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I can't find much documentation to say whether this is supposed to happen or not:

  1. Some thread opens a TCP (or other stream) socket
  2. Thread 1 starts a blocking recv()
  3. Thread 2 calls shutdown() on the socket with SHUT_RDWR (or SHUT_RD I think)
  4. Thread 1 is now "woken up" from its blocking call, and returns zero, as it would if the other party closed its socket.

This behaviour appears on modern Linux and FreeBSD systems. I haven't tested it with any others.

A comment on a Microsoft MSDN help page here: http://msdn.microsoft.com/en-us/library/windows/desktop/ms740481%28v=vs.85%29.aspx suggests that this behaviour is "responsible" in Windows; it also states that this is "not currently the case" but this may be out of date.

Is this behaviour specified anywhere? Can I rely on it?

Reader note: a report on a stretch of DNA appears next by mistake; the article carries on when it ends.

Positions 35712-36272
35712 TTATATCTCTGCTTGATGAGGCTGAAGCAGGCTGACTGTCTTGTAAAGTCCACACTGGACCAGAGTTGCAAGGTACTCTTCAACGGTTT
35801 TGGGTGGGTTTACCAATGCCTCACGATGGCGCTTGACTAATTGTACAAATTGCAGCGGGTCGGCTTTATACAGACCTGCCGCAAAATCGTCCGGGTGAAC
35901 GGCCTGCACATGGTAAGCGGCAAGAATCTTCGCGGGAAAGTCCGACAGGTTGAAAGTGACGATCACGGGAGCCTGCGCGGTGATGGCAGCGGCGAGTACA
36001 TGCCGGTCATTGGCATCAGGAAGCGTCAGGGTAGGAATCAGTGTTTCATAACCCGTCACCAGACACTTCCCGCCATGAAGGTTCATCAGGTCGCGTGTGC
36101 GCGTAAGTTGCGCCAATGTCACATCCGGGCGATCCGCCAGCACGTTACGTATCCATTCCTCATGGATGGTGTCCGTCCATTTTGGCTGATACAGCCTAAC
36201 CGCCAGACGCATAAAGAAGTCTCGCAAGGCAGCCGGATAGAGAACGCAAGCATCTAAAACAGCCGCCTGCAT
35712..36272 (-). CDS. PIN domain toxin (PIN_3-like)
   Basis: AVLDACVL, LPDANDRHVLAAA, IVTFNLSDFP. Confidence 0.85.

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I don't think you can rely on it. shutdown() initiales socket shutdown, but the details depend on particular circumstances. Some protocols may indeed close connection and socket immediately which would wake up processes sleeping on that socket. In other cases, shutdown just kicks protocol state machine into action, but it would take some time until it would get to the point where it would make sense to wake up anyone. For instance, established TCP connection would have to transition through few states until it reaches CLOSED state. You will eventually wake up, but you can't rely on it happening right away.

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